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People who usually wear tight, narrow, high-heeled shoes run the risk of developing a thickened, swollen nerve at the ball of the foot. This condition is called Morton's neuroma, which causes intense pain when they walk. A nerve runs along the foot between the toes, and when this gets squeezed for a long period, it may get swollen and develop into a neuroma, or a benign (not cancerous) growth near the bases of the toes. Aside from using poorly fitting shoes, other factors that may lead to compression of the nerve in the ball of the foot include high impact sports such as jogging and rock-climbing, as well as the presence of other foot deformities such as bunions, high arches, flat feet, or hammertoes.

Symptoms include a sharp pain that is increased when walking and using tight shoes, tingling, or numbness. It is best to see a doctor when the symptoms do not improve even when you rest or change your shoes.

Treatment of Morton's Neuroma

Conservative treatments for foot neuroma includes using well fitted, soft-soled shoes that allows enough room for the toes, and avoiding pointed, tight or narrow shoes. Reducing activities that put pressure on the ball of the foot helps relieve pain. Foot pads and arch supports may also reduce pressure and improve symptoms. These devices are available over-the counter from drugstores, but you can also ask your doctor to prescribe custom-made shoe inserts for your foot. Physical therapy may involve deep tissue massage and stretching exercises for the foot.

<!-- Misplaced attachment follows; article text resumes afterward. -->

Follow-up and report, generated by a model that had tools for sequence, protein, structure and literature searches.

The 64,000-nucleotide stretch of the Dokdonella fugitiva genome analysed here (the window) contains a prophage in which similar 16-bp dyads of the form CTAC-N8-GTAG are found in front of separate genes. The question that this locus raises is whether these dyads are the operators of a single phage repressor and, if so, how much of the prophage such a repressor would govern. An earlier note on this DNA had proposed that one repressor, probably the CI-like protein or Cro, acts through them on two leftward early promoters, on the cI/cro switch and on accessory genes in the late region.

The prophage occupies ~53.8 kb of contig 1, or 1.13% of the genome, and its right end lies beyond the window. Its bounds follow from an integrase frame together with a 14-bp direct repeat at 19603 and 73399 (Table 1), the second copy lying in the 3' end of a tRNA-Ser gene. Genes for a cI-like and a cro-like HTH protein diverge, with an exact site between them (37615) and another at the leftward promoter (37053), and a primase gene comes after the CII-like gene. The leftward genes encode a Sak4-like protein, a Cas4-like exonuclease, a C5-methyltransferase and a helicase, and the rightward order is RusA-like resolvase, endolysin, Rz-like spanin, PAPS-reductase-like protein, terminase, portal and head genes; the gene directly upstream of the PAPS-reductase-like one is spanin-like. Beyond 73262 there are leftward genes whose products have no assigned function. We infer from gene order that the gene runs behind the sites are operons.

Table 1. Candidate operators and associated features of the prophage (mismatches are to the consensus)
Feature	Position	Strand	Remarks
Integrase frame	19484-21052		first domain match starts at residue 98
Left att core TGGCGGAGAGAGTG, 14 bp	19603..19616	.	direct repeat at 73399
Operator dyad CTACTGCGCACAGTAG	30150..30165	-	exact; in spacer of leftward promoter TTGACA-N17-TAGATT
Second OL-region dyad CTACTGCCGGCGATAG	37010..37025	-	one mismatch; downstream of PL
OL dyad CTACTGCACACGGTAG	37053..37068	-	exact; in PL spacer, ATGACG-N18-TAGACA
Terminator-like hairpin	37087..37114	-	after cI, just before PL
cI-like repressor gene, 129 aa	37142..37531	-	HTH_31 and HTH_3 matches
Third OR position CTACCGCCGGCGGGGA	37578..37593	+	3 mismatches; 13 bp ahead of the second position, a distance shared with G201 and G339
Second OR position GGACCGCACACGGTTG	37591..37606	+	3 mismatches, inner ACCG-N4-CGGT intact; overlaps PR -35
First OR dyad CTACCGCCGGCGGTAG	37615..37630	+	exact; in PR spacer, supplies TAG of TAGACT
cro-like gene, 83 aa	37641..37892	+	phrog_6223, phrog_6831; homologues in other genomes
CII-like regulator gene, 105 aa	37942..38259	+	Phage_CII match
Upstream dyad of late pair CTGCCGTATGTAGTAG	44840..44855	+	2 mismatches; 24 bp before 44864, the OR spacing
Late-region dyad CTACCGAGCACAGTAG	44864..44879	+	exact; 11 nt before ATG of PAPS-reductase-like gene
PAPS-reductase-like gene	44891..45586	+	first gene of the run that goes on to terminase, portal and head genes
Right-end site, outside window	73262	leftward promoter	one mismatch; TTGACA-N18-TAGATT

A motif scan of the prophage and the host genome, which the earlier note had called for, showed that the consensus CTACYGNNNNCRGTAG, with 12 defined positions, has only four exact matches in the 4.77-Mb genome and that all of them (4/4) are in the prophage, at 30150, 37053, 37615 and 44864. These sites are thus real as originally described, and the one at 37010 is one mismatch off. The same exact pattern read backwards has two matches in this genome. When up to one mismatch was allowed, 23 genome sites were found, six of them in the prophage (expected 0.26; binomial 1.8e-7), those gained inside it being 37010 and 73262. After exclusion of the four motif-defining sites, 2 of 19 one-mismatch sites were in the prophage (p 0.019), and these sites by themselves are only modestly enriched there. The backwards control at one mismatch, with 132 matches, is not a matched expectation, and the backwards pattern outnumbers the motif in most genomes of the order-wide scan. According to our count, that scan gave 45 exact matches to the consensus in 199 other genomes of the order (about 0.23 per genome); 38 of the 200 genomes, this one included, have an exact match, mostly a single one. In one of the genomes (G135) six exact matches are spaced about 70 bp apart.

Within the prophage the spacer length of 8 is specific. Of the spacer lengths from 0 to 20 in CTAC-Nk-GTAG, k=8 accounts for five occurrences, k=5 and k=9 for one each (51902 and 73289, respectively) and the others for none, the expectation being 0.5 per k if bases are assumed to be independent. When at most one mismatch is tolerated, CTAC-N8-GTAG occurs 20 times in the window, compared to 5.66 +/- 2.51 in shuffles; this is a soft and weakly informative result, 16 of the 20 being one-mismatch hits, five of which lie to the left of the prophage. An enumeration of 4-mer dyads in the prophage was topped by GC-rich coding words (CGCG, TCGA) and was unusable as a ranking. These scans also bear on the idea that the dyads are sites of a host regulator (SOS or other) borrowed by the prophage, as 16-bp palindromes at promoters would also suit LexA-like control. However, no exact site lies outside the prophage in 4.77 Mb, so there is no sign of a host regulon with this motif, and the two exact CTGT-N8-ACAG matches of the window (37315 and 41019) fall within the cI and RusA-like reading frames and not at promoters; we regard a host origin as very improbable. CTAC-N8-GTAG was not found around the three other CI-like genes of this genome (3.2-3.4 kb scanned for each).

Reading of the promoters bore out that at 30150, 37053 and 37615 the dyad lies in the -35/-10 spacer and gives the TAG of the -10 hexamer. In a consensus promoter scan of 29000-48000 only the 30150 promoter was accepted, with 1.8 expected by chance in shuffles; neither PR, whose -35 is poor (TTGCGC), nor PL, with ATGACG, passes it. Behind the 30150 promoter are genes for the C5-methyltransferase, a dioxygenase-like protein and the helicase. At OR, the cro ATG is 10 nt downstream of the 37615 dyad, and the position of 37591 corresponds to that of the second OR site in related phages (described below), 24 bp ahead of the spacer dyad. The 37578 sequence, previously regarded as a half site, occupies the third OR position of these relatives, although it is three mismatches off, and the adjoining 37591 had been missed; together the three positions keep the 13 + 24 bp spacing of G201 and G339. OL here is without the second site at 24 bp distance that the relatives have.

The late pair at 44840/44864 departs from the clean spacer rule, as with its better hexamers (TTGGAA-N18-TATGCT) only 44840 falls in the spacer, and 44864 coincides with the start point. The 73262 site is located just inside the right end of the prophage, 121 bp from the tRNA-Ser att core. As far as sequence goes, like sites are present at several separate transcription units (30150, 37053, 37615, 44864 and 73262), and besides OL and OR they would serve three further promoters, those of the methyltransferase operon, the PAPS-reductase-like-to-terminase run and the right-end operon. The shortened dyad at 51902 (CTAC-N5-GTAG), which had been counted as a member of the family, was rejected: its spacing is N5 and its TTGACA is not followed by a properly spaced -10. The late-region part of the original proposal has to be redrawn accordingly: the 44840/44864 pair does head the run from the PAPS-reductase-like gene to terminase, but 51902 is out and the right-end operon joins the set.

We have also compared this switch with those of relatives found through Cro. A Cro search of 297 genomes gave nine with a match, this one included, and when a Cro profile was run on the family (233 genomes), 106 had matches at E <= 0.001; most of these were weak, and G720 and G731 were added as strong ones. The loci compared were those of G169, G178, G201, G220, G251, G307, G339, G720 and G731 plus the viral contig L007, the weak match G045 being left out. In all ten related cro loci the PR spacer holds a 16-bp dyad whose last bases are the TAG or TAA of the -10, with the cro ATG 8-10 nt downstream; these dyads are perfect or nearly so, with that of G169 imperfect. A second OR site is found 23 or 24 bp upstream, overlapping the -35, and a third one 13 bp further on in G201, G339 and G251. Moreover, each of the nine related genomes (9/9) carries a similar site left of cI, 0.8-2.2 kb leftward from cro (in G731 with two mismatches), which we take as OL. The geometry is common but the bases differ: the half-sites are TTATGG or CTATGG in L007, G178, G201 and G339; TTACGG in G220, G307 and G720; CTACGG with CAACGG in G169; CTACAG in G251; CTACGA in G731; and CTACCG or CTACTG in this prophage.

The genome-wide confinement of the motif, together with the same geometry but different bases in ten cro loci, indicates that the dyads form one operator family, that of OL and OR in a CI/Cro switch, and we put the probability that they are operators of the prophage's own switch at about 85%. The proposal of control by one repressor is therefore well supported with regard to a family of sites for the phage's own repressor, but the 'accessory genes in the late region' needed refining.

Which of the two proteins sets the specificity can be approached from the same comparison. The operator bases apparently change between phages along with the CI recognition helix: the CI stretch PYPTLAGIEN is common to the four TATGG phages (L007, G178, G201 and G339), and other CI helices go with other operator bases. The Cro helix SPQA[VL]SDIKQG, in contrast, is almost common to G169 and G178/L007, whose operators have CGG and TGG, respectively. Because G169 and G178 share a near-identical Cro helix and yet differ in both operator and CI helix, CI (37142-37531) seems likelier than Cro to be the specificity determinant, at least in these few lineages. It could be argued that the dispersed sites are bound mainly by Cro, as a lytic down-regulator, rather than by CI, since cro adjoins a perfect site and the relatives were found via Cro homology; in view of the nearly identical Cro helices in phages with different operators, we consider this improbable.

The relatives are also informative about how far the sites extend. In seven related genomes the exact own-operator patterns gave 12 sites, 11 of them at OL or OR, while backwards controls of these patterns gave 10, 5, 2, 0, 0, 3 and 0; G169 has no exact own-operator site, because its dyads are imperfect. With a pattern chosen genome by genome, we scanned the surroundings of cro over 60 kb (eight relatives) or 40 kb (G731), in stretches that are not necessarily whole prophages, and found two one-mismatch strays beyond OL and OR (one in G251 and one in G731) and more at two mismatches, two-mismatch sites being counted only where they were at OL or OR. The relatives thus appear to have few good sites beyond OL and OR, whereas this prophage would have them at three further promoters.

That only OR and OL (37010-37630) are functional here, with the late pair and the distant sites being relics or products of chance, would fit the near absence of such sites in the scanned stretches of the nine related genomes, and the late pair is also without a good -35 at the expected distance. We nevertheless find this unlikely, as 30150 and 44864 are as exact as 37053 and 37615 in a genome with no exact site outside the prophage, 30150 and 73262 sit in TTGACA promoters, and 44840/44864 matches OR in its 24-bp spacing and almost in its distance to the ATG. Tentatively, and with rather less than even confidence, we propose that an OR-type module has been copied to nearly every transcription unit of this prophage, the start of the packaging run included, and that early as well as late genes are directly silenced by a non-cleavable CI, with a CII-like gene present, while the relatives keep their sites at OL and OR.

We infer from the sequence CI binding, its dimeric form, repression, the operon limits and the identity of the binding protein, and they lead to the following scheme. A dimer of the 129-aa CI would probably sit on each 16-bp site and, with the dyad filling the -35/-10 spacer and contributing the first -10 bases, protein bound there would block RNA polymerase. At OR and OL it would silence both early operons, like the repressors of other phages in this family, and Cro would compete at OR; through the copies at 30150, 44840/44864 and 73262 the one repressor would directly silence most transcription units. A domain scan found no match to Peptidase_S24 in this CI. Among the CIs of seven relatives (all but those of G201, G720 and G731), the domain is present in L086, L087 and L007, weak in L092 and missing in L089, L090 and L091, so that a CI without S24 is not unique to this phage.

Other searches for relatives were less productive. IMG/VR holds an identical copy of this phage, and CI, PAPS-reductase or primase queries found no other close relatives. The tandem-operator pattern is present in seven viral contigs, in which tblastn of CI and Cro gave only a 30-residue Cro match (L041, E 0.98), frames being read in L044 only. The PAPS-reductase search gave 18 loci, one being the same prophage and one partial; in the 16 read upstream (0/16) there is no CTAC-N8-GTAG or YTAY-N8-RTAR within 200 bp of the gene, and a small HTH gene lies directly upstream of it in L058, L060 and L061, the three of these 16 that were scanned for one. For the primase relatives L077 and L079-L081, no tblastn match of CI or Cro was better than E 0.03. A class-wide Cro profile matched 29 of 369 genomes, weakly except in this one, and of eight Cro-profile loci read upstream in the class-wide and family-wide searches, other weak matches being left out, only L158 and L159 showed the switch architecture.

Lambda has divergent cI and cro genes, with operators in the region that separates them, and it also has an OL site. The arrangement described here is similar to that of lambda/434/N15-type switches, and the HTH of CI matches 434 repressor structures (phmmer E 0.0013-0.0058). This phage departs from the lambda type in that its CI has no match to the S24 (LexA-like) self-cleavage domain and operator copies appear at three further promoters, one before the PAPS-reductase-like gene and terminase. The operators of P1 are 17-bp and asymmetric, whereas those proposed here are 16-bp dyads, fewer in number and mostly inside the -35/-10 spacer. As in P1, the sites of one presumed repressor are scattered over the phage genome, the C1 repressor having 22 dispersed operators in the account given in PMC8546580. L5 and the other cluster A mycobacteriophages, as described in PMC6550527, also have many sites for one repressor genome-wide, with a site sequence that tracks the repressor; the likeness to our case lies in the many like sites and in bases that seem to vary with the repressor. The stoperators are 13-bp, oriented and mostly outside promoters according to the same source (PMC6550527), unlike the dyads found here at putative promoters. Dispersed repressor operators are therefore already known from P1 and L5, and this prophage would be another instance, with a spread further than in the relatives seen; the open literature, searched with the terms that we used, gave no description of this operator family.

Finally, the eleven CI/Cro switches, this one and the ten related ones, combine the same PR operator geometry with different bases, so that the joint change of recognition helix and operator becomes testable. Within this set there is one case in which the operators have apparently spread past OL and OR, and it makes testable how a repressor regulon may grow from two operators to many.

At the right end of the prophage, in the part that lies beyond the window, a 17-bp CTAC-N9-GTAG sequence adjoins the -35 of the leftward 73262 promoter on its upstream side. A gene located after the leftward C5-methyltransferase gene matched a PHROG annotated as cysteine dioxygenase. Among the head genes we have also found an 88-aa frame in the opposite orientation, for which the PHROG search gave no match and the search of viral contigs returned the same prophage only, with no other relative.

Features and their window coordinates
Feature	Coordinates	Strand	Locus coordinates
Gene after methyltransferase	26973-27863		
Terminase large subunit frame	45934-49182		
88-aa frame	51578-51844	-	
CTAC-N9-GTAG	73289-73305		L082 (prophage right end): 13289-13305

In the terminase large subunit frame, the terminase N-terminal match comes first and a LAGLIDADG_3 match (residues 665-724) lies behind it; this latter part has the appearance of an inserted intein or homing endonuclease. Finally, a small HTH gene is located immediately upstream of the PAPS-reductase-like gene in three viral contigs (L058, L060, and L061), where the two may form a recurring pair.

Acute pain may be relieved by applying an ice pack on the affected area of the foot for about 15 minutes. Over-the-counter pain relievers such as ibuprofen or naproxen may be used to reduce inflammation. You can also massage the foot around the affected area to relax the foot. If these do not work, your doctor may recommend local steroid injections to reduce swelling, inflammation and pain.

Surgical treatment for Morton's neuroma may be done to decompress the area around the nerve. If this does not work, the doctor may remove the thickened nerve, but this can result in numbness of affected toes. The outlook or prognosis of surgery also depends on how badly damaged is the nerve.

Aside from the common complications associated with most surgeries such as wound infection, bleeding, and scarring, one of the complications of surgery for Morton's neuroma is the development of a stump neuroma, which occurs when there is irritation of the end of the cut nerve. Symptoms include pain that is similar, or may be worse than the original pain. A second surgery may be required to remove the recurrent neuroma if conservative measures such as shoe modification or steroid injections do not improve the symptoms.

Studies show that conservative therapy results only in up to 30% success rates, while surgical intervention can result in up to 95% satisfactory outcomes.

Alternative treatments include extracorporeal shockwave therapy and percutaneous radiofrequency ablation.

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